(stream / mp3)
Since last year, 36 people have died from a virulent strain of bird flu, transmitted largely from infected poultry stocks. Now there's evidence that the virus can jump from human to human, and health officials worry that it's only a matter of time before the flu evolves its transmission mechanism and starts a worldwide pandemic. Guest host Bruce Gellerman speaks with Dr. Jeremy Farrar, who's treating patients with symptoms of the avian flu in Vietnam's Ho Chi Minh City. (07:30)
ANWR Again!/ Jeff Young
(stream / mp3)
For the second year in a row, President Bush made a national energy policy one of the priorities in his State of the Union address, and Washington correspondent Jeff Young reports that ANWR is at the top of the energy bill wish list. (05:00)
Elephants Revered, Feared/ Gina Wilkinson
(stream / mp3)
In central Sri Lanka, population growth and deforestation is diminishing elephant territory. Hungry elephants are now expanding their boundaries and searching for food in farmers' fields and villages. Anxious humans are finding themselves in conflict with the elephants. Wildlife officials say one person and three elephants die every week in the skirmishes. Gina Wilkinson reports. (07:30)
A Journey to the Fourth World
(stream / mp3)
When William Powers arrived in Liberia in 1999 as an aid worker, he found a country rife with poverty, environmental devastation and corrupt leadership. He also found one of the world's most beautiful rainforests and a people filled with optimism. Powers chronicles his experiences in the book "Blue Clay People: Seasons on Africa's Fragile Edge" and he joins Living on Earth guest host Bruce Gellerman to talk about what it's like living in, what he calls, "a fourth world country." (08:30)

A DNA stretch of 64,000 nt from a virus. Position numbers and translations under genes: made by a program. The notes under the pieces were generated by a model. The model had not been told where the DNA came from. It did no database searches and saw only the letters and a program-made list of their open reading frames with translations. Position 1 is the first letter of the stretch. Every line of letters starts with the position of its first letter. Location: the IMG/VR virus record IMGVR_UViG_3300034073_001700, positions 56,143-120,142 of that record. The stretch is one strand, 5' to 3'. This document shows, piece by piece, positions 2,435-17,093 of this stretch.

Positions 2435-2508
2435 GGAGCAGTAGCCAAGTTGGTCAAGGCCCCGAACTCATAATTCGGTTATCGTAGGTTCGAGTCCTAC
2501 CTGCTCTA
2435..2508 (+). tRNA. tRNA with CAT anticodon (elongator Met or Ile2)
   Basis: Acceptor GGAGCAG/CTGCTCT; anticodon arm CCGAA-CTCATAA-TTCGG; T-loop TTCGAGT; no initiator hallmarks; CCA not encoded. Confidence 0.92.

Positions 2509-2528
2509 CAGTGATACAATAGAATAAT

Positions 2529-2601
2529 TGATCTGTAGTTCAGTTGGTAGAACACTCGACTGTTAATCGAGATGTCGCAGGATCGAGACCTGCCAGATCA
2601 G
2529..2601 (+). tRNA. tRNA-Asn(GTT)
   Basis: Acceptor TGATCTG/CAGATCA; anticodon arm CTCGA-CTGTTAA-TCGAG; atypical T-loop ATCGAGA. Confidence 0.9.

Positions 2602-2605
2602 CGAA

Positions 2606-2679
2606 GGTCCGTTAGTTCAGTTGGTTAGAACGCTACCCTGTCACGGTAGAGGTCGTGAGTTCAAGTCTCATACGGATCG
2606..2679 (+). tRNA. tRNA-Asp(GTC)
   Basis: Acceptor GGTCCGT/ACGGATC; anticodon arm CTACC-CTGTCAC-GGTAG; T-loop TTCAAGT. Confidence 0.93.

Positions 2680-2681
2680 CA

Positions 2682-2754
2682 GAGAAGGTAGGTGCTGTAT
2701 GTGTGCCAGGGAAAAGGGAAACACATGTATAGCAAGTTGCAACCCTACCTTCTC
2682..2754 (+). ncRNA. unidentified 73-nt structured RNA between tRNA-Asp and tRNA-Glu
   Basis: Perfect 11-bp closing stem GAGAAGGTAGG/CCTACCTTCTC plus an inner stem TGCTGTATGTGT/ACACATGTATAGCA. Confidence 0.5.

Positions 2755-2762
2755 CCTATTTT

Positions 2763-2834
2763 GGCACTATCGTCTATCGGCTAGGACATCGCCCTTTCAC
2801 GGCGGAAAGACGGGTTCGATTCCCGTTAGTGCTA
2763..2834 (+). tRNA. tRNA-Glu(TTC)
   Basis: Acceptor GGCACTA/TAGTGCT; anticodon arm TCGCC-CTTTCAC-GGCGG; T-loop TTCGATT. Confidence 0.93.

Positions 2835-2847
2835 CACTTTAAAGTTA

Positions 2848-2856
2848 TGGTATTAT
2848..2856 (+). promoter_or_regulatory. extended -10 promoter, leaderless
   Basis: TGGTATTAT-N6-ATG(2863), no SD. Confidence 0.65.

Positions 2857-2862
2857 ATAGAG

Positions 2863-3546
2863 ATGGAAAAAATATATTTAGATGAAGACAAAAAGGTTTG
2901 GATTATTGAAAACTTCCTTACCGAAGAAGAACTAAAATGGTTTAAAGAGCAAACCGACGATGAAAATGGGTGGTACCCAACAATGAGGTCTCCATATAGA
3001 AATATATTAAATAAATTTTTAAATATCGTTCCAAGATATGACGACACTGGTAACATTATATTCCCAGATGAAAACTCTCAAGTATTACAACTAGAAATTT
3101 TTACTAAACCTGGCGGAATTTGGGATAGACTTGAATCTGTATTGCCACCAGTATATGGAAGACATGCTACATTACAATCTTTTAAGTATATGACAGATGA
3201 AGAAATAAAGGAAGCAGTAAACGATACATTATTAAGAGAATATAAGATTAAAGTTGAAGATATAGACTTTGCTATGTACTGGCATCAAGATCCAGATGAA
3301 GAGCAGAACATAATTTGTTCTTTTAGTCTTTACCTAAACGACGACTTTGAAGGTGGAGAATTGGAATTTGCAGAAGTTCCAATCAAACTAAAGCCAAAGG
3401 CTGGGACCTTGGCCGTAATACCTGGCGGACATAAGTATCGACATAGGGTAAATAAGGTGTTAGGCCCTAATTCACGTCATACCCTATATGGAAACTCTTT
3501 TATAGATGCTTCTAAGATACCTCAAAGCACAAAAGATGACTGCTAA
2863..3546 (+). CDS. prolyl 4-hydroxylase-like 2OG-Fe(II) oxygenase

Emerging Science Note/Monkey Pay-Per-View
(stream / mp3)
Living on Earth's Jennifer Chu reports that our obsession with the glamorous and the powerful isn't just a human trait - it's also monkey business. (01:20)
Carbon-Neutral Super Bowl
(stream / mp3)
The half-time show isn't the only thing the NFL is keeping a close watch on this year. As Jack Groh, director of environmental programs for the NFL tells us, officials there have tallied the amount of greenhouse gas emissions likely to be generated from the Super Bowl, and plan to offset the emissions by planting trees. (05:30)
Whale of a Story/ Molly Menschel
(stream / mp3)
It was very like a whale, a 60-ton dead finback whale to be exact, and it washed ashore on a beach in the poorest county in Maine. Residents recount, in this audio postcard from producer Molly Menschel, how they had to very quickly decide what to do with it. (09:00)
HOST: Bruce Gellerman
GUESTS: Dr. Jeremy Farrar, William Powers, Jack Groh
REPORTERS: Jeff Young, Gina Wilkinson